for Babel over DTLS is registered with IANA as the "babel-dtls" port for Babel over DTLS is registered with IANA as the "babel-dtls" port
(UDP port TBD, see Section 4), and the port exchanging unencrypted (UDP port TBD, see Section 4), and the port exchanging unencrypted
Babel traffic is registered as the "babel" port (UDP port 6696). Babel traffic is registered as the "babel" port (UDP port 6696, see
Section 5 of [RFC6126bis]).
When a Babel node discovers a new neighbour (generally by receiving When a Babel node discovers a new neighbour (generally by receiving
an unencrypted multicast Babel packet), it compares the neighbour's an unencrypted multicast Babel packet), it compares the neighbour's
IPv6 link-local address with its own, using network byte ordering. IPv6 link-local address with its own, using network byte ordering.
If a node's address is lower than the recently discovered neighbour's If a node's address is lower than the recently discovered neighbour's
address, it acts as a client and connects to the neighbour. In other address, it acts as a client and connects to the neighbour. In other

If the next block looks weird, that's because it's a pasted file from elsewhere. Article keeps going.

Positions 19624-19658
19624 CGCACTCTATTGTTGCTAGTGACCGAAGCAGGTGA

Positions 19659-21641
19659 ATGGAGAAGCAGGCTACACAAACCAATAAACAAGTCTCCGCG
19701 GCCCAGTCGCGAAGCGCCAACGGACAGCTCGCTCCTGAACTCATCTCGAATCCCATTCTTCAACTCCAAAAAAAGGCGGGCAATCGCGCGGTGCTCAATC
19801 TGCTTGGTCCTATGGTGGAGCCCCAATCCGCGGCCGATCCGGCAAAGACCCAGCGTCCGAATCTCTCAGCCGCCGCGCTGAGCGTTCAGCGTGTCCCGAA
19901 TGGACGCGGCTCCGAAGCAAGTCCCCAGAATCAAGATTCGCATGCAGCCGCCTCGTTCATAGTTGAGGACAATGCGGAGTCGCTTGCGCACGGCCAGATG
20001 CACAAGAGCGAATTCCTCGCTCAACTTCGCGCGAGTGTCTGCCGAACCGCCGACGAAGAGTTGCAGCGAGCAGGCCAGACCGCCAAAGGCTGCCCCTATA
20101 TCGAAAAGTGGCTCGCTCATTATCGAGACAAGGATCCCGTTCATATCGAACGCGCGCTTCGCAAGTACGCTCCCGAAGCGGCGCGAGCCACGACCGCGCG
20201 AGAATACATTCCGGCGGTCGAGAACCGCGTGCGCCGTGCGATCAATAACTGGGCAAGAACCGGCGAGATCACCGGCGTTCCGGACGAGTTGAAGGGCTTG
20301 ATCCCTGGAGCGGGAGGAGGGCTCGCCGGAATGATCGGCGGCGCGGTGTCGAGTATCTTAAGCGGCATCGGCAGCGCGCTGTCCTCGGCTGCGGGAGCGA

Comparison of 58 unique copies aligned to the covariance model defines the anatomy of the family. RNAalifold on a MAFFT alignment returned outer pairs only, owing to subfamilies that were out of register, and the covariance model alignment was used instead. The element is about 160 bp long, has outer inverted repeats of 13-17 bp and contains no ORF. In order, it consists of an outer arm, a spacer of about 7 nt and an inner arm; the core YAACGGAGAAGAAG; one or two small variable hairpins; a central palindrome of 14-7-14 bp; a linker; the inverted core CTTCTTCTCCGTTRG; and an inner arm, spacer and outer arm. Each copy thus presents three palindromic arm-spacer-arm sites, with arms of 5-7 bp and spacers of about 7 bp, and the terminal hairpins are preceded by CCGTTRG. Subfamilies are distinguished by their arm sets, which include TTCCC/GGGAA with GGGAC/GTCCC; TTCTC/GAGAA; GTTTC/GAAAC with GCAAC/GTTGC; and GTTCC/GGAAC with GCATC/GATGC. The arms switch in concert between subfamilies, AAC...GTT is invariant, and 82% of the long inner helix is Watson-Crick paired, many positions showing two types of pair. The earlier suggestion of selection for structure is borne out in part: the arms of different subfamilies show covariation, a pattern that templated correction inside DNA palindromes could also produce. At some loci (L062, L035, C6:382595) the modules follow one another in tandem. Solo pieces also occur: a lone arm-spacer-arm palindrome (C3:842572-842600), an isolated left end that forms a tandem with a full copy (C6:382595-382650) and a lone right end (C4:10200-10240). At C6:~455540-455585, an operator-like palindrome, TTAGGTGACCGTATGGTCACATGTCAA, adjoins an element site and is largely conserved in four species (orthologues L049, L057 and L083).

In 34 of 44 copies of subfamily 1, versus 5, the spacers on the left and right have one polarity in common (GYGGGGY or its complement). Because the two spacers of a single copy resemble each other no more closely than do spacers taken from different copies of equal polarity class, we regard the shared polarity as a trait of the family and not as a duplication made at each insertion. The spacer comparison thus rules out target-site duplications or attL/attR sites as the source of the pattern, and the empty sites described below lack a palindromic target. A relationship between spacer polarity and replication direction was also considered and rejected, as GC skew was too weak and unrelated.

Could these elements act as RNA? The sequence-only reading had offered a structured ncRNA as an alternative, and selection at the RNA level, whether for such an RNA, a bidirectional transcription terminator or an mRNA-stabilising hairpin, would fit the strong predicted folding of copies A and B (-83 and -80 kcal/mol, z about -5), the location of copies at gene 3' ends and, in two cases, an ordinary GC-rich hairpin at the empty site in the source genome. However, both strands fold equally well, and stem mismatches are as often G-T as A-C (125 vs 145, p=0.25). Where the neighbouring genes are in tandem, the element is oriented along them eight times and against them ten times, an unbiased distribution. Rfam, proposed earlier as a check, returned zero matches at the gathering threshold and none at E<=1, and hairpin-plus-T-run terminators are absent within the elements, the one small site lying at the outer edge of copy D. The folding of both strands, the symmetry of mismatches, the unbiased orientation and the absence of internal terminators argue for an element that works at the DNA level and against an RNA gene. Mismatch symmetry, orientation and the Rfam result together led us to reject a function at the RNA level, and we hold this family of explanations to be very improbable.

words, the node with the lowest address is the DTLS client for this words, the node with the lowest address is the DTLS client for this
pairwise relationship. As an example, fe80::1:2 is considered lower pairwise relationship. As an example, fe80::1:2 is considered lower
than fe80::2:1. than fe80::2:1.
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6.1. Normative References 6.1. Normative References
[RFC2119] Bradner, S., "Key words for use in RFCs to Indicate [RFC2119] Bradner, S., "Key words for use in RFCs to Indicate
Requirement Levels", BCP 14, RFC 2119, Requirement Levels", BCP 14, RFC 2119,
DOI 10.17487/RFC2119, March 1997, DOI 10.17487/RFC2119, March 1997,
<https://www.rfc-editor.org/info/rfc2119>. <https://www.rfc-editor.org/info/rfc2119>.
[RFC6126bis] [RFC6126bis]